All of the major consoles now have an online presence with Xbox leading the way online and the Wii attracting scores of new gamers. The industry is definitely in for additional growth online. So this all leads to the million dollar question… er the $600 million dollar question (market projection in 3 years)… Do you want ads in your games? It is nice to see the Dodge ads on the billboards in Crackdown and it does add to the realism in games, but how would you respond to something that interupts game play?
Personally, I like the subtle (or sometimes not so subtle) product placement approach in most films. It is about characters interacting with name brand products but not about the product itself. This to me has more impact and would make me more likely to remember the reference than stopping in the middle to see a pop-up or ticker during game play.
So whether you are a fan or not, In-game advertising is coming and in a big way. There are too many dollars and distractions these days to not take this medium seriously. What do you think? Are you for, opposed or just in-different to in-game advertising? In the end it will be your dollars that do the talking.
7-11 just did something that is pretty innovative from a marketing standpoint. They have transformed a dozen stores into Kwik-E-Marts from The Simpsons in an effort to promote the upcoming Simpson’s movie. I really like this campaign as it is a great example of reverse product placement and by the buzz and lines at the store I went to today it seems to be working.
KrustyO’s, Squishees, Buzz cola and the ever famous pink Homer Simpson donuts are just a few of the products that you can now pick up and take home with you and as they state have “absolutely no nutritional value”. For those of you wondering, Duff beer did not make the product cut for this promotion.
The ability of 7-11 to “laugh at itself” is very key in this promotion. “The idea of actually changing the stores into Kwik-E-Marts was over the top but a natural” stated one of the execs at 7-11‘s agency. “It shows they get the joke”. You would not think decorating a store to look like a cartoon would be that effective, but they are definitely reaching a new audience as I saw people in the store today that you normally would not see going to a 7-11 for a specific purpose.
It is funny that I get this excited around a campaign, but as an instructor of marketing and a marketing professional, it is great to see creative application of marketing strategy and the ability of a proven brand to embrace something that is “different” in order to garner additional attention. Plus it is just a lot of fun.
Viral Marketing is now one of the most powerful ways to market online. The key to viral success comes down to interruption vs. invitation. Traditional media such as television has the potential to reach hundreds of millions but the message may not resonate or be clearly discerned by the prospective target audience due to the “noise” and passive positioning associated with this type of delivery. The beauty of viral messaging is that it has a much better chance to get the users attention as the message is either coming from a trusted source, a recommendation, or meets the search criteria defined by the user. Also, this type of message is available on-demand which gives the user ultimate control over when and where consumption occurs.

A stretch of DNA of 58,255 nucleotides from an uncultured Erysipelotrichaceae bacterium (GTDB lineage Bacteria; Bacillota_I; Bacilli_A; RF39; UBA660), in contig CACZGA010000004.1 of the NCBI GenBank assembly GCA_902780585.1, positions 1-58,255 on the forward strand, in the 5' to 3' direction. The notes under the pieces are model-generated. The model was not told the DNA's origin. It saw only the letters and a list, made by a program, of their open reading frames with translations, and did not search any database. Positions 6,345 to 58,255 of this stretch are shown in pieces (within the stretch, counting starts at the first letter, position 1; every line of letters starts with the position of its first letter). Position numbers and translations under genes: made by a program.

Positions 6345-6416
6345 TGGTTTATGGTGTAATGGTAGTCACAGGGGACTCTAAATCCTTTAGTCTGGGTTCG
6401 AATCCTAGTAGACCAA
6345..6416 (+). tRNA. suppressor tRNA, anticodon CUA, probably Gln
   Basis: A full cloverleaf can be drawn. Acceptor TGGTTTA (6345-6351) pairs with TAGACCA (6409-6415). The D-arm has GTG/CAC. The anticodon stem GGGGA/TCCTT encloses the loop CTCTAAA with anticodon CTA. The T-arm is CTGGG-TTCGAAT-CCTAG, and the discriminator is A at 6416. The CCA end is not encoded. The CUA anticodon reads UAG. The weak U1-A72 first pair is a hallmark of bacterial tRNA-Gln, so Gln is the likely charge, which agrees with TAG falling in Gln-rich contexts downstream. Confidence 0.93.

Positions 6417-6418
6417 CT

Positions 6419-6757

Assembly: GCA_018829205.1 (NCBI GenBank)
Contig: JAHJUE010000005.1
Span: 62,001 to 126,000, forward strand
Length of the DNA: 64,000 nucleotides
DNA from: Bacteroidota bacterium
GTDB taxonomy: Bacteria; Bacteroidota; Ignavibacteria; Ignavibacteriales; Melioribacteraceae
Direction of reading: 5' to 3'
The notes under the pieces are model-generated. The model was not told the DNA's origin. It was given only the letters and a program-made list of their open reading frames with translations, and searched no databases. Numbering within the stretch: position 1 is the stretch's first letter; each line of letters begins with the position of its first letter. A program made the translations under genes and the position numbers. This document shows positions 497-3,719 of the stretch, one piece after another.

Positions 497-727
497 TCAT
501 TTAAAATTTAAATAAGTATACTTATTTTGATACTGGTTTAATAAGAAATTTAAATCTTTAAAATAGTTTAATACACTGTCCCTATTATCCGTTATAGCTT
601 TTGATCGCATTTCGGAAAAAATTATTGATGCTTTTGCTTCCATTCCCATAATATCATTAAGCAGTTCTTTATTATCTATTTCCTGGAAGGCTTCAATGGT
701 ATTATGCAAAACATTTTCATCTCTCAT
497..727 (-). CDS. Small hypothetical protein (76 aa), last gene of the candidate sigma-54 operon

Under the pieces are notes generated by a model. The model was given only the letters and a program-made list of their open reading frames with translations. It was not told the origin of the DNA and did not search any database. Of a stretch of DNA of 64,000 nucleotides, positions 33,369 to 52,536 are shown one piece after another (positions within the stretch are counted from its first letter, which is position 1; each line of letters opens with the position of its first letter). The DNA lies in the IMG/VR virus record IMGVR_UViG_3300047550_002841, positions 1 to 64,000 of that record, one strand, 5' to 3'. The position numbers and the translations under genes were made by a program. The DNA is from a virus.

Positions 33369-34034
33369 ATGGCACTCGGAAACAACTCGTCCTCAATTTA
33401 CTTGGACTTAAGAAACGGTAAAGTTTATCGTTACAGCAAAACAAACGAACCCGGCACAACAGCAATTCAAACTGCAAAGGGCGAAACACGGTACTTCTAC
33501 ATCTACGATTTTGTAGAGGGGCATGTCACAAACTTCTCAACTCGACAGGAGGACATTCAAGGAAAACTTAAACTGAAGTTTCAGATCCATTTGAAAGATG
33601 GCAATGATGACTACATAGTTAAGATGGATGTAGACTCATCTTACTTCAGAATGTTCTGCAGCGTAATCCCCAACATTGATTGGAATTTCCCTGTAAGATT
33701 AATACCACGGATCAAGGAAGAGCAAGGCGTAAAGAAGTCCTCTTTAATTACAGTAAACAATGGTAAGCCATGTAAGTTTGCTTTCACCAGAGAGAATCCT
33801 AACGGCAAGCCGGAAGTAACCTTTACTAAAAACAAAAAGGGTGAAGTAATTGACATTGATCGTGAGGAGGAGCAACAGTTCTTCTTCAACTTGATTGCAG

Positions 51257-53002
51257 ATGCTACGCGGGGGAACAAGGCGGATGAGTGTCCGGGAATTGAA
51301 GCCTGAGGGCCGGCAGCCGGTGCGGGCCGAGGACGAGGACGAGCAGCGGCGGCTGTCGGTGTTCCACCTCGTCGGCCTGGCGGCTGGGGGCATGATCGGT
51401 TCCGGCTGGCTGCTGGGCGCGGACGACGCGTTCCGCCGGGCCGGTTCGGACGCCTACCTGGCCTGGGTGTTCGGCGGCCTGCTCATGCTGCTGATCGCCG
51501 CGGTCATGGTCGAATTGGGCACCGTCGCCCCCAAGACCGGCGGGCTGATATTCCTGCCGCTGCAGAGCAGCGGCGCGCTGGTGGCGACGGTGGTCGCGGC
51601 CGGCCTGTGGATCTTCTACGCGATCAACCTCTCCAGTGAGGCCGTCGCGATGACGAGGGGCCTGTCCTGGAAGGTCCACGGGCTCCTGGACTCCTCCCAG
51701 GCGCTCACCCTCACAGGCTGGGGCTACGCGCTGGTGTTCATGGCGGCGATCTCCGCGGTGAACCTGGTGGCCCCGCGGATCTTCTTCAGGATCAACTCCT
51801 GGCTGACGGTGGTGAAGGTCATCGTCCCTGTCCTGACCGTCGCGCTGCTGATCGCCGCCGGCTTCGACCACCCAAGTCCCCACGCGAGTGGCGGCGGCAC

One viral aspect that is getting a lot of attention is online video. If you are reading this you have more than likely viewed a user created video on YouTube or some other site and you are not alone. Online video is beginning to garner more attention from average viewers with 4% of people over the age of 18 watching videos daily and another 14% watching at least once a week. Research shows more organizations will be shifting marketing dollars to producing and positioning online videos. The reason for the shift is that video ads show a propensity to generate higher ad interaction and longer ad viewing (2/3 of the way through on average) this in turn leads to higher click-through rates.
So as an organization you may be thinking about focusing on online video or maybe you are looking to tie into user generated content and incorporate your advertising. If so, you need to focus on a few key factors. As with any type of marketing activity consistency is the key. Ensure that you are intrinsically linked to your brand, your video should require online interactivity and it needs to have synergy with offline marketing material. The other key factor revolves around the concept of Social Media Optimization or SMO.
SMO is the process of optimizing your online media presence by becoming more visible through searches within online communities and community web sites. The concept of SMO is to increase the chances of your video being distributed more widely through community search engines. This is very important as this is the key driver for this type of viral strategy.
As you consider your viral strategy it may become clear that you need a solid community presence associated with your brand. This is where branded community offerings can be applicable. Integrated platform (Blogs, Forums, File, Photo Galleries, Video & Podcast support, RSS) that streamline the positioning of an online community. Let me know if we can assist you with your community or viral marketing needs. We would be more than happy to assist. Feel free to contact me with questions at email@example.com